Changing China

Giant on the move

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Bread? That’s not for eating


A Chinese employee carries a tray of Mantou steamed bread made of wheat flour in Xi’anAfter laying out our spread of spicy Sichuan food, the waitress returned with four slightly stale slices of white bread, each on their own glistening plates.      

I wondered briefly if DIY chili chicken and peanut sandwiches were a new fad in Chinese restaurants, but when I asked her how I was supposed to eat mine, she looked at me as if I was mad.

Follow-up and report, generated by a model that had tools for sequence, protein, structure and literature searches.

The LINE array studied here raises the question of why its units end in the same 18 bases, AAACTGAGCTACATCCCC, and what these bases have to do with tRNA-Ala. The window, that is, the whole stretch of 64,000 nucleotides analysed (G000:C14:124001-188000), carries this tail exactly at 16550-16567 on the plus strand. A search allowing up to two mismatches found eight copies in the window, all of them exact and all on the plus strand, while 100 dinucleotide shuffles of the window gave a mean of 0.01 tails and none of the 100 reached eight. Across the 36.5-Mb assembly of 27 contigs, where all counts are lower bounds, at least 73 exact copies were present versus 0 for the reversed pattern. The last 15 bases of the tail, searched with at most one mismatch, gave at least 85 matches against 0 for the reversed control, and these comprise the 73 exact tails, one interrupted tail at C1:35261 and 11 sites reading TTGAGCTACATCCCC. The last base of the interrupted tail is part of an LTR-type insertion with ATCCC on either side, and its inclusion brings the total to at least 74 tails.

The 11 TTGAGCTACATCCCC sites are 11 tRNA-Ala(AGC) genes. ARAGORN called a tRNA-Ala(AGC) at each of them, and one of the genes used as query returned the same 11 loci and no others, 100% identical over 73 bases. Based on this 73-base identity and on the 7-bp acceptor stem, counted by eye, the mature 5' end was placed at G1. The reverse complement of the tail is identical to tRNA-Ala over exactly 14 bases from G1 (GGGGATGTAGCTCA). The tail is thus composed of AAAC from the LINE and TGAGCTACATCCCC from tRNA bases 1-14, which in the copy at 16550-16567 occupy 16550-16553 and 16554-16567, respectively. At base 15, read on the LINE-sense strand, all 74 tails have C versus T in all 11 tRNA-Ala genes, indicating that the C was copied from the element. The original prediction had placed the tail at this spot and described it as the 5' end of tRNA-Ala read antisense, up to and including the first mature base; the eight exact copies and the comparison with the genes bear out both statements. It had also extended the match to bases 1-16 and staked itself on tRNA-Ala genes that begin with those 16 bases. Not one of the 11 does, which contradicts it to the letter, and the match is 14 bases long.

Silently she fished a sliver of our fish from its oily sauce and showed me what would perhaps have been obvious to someone not brought up on a diet of toast for breakfast, sandwiches for lunch, more toast for tea and sometimes bread and soup for dinner.  

The bread was just a sponge, for draining the oil from carp cooked in a traditional and much-loved way that left it a little too greasy for some modern eaters. No one in the “Spicey Seduction” restaurant would dream of eating it.